The US and Europe are facing a growing challenge in countering China’s Belt and Road Initiative (BRI), a massive investment and infrastructure program. While Beijing’s financial resources and politicization of investments pose obstacles, Washington and Brussels have opportunities to promote open and fair dealing with developing countries. By emphasizing assistance, trade, and adherence to transparent rules, the US and Europe can present a compelling alternative to China’s approach.
Financial Tools and Initiatives:
To match China’s investment offerings, the US established the International Development Finance Corporation (DFC) in 2018, and President Joe Biden launched the Build Back Better World initiative at the G7 meeting in 2021. Similarly, the EU launched its Global Gateway in 2021, aiming to fund €300bn of connectivity projects over six years. While financial firepower is essential, the challenge lies in countering Beijing’s tendency to politicize investments and link them to security alliances.
China’s flaws in its Belt and Road Initiative are becoming evident. It faces issues with failed loans, messy debt restructurings in countries like Zambia and Sri Lanka, and growing disillusionment among recipient nations. Some European countries have disengaged from China’s initiatives due to poor returns. China’s geopolitical alliances with Russia and Pakistan come with their own risks, such as political alignment with an increasingly weak Russian regime and dependence on an endlessly dependent money sink.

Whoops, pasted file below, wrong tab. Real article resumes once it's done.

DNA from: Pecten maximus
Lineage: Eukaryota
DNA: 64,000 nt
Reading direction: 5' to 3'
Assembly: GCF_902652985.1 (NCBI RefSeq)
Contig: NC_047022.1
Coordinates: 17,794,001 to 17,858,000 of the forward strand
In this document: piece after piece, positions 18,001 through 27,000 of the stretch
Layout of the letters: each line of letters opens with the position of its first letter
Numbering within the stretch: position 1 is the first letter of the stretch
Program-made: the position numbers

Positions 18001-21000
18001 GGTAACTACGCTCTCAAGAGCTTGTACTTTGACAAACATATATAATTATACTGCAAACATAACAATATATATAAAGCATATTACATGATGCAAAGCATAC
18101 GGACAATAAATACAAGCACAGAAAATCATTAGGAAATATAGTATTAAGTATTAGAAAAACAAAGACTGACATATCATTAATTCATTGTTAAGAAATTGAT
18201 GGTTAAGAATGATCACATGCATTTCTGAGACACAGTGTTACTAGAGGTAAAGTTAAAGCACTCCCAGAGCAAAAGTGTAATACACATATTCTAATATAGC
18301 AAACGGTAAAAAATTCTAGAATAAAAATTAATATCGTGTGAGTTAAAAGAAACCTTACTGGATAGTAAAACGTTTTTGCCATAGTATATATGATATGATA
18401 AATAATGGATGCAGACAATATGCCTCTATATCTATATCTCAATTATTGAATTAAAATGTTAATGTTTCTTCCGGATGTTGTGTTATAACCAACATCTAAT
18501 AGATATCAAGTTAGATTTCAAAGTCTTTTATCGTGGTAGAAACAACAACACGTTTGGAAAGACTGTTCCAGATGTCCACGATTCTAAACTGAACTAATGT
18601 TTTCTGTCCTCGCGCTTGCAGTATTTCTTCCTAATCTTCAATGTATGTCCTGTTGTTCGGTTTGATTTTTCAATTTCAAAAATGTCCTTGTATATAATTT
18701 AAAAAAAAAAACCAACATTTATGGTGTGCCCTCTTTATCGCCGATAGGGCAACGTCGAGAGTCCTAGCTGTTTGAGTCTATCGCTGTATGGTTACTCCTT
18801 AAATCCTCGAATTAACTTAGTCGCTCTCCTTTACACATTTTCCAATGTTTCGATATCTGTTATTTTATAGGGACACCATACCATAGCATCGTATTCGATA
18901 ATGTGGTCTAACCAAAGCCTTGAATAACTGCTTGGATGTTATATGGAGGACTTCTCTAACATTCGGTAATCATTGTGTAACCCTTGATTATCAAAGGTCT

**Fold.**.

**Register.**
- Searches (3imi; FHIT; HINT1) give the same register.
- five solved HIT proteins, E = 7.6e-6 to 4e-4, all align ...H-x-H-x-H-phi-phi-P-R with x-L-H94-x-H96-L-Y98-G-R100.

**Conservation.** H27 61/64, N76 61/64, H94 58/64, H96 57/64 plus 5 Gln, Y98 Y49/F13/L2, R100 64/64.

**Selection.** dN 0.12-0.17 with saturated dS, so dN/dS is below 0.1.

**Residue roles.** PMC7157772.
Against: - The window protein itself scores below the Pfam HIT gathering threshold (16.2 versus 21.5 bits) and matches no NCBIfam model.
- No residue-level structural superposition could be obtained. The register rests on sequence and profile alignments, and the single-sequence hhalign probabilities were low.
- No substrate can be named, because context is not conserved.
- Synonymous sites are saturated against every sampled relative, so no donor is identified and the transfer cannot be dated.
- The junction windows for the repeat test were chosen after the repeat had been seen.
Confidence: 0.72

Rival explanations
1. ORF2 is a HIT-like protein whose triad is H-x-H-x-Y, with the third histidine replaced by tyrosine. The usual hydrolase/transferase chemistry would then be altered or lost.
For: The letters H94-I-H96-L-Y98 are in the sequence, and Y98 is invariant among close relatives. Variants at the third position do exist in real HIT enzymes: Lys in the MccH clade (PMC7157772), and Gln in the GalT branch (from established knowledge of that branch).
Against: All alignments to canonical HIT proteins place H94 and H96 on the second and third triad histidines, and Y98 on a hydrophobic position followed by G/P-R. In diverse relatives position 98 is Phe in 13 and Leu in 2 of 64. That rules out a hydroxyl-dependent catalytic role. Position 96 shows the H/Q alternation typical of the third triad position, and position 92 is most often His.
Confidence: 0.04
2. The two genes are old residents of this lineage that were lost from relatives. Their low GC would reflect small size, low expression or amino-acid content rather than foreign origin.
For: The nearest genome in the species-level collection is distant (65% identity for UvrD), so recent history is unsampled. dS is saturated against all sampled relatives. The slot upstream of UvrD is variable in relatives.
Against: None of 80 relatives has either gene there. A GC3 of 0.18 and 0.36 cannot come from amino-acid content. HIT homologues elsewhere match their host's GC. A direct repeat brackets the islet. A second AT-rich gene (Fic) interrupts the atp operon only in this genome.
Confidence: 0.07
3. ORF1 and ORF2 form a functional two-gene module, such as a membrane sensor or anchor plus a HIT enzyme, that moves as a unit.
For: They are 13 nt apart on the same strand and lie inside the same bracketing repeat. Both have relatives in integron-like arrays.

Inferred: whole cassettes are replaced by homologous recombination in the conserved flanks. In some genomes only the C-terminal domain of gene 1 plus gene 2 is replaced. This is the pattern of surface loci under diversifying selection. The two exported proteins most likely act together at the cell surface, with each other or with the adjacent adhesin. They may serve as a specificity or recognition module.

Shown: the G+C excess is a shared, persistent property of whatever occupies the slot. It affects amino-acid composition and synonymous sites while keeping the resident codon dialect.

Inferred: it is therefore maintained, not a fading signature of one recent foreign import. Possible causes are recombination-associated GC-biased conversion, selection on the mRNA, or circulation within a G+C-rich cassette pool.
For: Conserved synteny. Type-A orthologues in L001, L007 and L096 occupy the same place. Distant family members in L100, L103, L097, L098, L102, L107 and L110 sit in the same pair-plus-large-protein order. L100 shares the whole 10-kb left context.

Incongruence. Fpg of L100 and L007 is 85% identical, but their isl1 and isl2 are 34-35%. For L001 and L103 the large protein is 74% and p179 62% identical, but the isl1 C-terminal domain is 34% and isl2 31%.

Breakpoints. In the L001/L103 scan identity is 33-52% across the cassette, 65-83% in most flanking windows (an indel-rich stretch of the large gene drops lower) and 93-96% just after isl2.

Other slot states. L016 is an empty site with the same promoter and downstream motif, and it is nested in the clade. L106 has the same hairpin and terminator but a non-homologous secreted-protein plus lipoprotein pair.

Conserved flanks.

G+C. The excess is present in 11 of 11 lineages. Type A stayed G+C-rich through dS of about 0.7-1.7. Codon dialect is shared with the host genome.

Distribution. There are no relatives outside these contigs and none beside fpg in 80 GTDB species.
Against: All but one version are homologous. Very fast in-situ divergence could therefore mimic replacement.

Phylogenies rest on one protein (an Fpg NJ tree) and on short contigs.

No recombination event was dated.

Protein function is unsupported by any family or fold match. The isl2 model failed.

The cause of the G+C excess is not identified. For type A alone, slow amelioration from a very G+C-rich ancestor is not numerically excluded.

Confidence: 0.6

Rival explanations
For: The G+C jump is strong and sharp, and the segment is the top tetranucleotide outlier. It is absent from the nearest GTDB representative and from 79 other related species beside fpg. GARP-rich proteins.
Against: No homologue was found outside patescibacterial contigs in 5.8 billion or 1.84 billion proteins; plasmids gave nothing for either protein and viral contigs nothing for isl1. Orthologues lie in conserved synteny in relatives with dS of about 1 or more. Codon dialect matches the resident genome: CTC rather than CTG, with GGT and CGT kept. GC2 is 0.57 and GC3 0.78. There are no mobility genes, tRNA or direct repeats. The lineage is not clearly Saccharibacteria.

Promoting Fair and Open Trade:
Instead of coercion or bribery, Europe and the US should focus on offering assistance and trade on fair and open terms. While some Asia-Pacific countries seek security alliances, Europe lacks a centralized military capacity. However, it can contribute through aid and investment based on rules and openness. The Partnership for Global Infrastructure and Investment (PGII) and the Global Gateway are promising initiatives, but skepticism is required, as both the US and EU struggle with effective coordination among their agencies and making realistic estimates of private capital mobilization.
Expanding Traditional Channels and Market Access:
In addition to bilateral efforts, the US and EU should work towards expanding and depoliticizing traditional channels of assistance, such as the International Monetary Fund (IMF) and the World Bank. They hold significant voting power on these institutions’ executive boards, which can be leveraged to increase resources and openness to reform. Moreover, the US market remains attractive to non-China East Asian economies, while the EU can signal its commitment by finalizing trade agreements like the one with South America’s Mercosur bloc.
Leveraging Comparative Advantages:
While China’s financial capabilities may outmatch those of the US and Europe, democracies have their own strengths. Openness and consistency in investment and trade are the rich world’s comparative advantages. By focusing on transparent rules and multilateral systems, the US and Europe can offer a more reliable and sustainable approach.
To effectively counter China’s Belt and Road Initiative, the US and Europe must emphasize open and fair dealing in their engagements with developing countries. By leveraging their comparative advantages, such as financial assistance, transparent rules, and access to their markets, they can present a compelling alternative to China’s investment model. Promoting collaboration through traditional channels and reforming existing institutions will be crucial in overcoming skepticism and gaining trust. Ultimately, the US and Europe should prioritize assisting developing nations and engaging in trade on fair and open terms.